Queen Elizabeth II used this traditional drop scones recipe to make tasty Scottish pancakes for President Dwight D. Eisenhower during his August 1959 visit to Balmoral Castle in Scotland.
Her Majesty later enclosed a copy of the Scottish pancake recipe with a handwritten letter to Eisenhower, in January 1960. Now, you can enjoy making them too.
(U.S. National Archives and Records Admin.)
4 teacups flour
4 tablespoons castor sugar
2 teacups milk
2 whole eggs
2 teaspoons bicarbonate of soda
3 teaspoons cream of tartar
2 tablespoons melted butter
Beat eggs, sugar, and about half the milk together, add flour, and mix well together adding remainder of milk as required, also bicarbonate and cream of tartar, fold in the melted butter. Enough for 16 people.
Her Majesty added the following handwritten instruction in her letter:
"Though the quantities are for 16 people, when there are fewer, I generally put in less flour and milk, but use the other ingredients as stated."
I have also tried using golden syrup or treacle instead of only sugar, and that can be very good too. I think the mixture needs a great deal of beating while making, and shouldn't stand about too long before cooking."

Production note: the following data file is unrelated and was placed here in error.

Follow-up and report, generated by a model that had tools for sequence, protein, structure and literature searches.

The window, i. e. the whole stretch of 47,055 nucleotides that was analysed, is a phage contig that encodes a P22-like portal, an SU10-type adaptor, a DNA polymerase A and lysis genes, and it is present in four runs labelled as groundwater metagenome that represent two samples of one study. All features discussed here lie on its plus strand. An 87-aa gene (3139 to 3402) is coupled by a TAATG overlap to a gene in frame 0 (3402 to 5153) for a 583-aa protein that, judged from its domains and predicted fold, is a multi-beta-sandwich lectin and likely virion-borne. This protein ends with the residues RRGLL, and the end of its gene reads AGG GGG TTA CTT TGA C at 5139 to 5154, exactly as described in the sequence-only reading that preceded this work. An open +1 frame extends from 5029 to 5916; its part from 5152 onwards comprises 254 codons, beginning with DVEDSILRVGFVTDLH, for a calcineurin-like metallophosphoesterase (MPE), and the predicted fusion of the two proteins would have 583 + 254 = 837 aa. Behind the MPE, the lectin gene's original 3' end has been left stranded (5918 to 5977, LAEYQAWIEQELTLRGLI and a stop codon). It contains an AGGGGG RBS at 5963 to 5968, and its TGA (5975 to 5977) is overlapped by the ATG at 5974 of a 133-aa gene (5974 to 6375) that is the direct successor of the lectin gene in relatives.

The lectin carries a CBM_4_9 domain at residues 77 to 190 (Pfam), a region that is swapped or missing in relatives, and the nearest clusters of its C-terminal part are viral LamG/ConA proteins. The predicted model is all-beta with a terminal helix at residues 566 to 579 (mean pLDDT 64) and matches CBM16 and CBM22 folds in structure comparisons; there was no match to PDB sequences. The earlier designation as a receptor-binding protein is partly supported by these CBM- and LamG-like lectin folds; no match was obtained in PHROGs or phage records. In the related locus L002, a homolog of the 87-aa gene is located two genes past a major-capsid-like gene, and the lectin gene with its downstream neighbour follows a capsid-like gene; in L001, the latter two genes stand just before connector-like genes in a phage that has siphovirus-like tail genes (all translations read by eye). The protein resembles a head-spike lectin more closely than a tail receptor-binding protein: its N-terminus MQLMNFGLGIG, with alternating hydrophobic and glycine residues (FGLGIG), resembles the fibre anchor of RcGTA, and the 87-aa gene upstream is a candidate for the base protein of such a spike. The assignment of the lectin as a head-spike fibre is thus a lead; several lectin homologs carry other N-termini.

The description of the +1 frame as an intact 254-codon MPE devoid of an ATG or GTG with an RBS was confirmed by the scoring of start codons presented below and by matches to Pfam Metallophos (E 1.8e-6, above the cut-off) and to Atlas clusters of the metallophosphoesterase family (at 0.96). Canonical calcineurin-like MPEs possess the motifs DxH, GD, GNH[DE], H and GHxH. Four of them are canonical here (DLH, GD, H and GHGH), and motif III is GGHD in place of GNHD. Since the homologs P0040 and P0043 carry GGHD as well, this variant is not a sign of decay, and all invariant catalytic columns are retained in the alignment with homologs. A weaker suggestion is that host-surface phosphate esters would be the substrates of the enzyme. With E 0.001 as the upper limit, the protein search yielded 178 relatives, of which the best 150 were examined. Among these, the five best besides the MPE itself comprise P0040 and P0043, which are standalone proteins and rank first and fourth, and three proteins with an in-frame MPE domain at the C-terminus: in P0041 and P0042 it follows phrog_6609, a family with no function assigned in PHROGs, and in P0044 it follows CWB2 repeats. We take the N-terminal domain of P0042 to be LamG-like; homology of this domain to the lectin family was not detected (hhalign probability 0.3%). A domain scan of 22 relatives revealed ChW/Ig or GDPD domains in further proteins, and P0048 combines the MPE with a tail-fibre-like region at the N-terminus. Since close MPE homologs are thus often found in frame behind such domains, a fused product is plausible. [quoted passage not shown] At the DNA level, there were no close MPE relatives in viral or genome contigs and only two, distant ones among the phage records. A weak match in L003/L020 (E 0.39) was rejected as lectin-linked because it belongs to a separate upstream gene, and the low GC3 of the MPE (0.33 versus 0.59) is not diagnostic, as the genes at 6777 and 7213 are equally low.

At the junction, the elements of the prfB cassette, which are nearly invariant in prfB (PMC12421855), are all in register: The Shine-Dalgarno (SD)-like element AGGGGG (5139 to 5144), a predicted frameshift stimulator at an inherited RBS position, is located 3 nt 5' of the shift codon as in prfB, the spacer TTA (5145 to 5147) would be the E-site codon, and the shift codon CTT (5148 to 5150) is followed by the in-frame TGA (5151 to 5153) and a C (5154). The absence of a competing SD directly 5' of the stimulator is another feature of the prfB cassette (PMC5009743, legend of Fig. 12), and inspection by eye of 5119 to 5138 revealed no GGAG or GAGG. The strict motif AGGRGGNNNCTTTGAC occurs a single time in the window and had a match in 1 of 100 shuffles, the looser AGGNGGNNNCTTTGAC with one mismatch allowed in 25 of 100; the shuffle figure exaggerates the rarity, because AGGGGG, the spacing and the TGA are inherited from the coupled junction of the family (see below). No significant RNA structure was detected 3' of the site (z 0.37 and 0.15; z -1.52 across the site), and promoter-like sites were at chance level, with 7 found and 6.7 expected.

1 cup flour
1 tablespoon sugar
1/2 cup milk
1/2 teaspoon baking soda
1-1/4 teaspoons cream of tartar
1/2 tablespoon melted butter
The U.S. National Archives and Records Administration has the Queen's original handwritten letter to President Eisenhower in its collection.
The following YouTube video from British Pathe shows highlights of Eisenhower's 1959 visit to Britain including scenes filmed at Balmoral Castle where he enjoyed Scottish drop scones with the Queen and the Royal Family.
Enjoy Her Majesty's favorite Scottish drop scones recipe. Make a huge pile of delicious golden pancakes for yourself and your family tonight!
The Glasgow Cookery Book (1924)
1 pound Flour
1 teaspoonful Baking Soda
1 teaspoonful Cream of Tartar
2 tablespoonfuls Sugar or 1 tablespoonful Golden Syrup
1/2 teaspoonful Salt
3/4 pint Buttermilk
Mix all dry ingredients, beat the egg well and add milk to it; mix to fairly soft batter. Grease a hot
girdle with suet.
Drop the mixture on to the girdle with an iron spoon. When brown on one side, turn and brown on the other. Wrap in a clean towel to cool.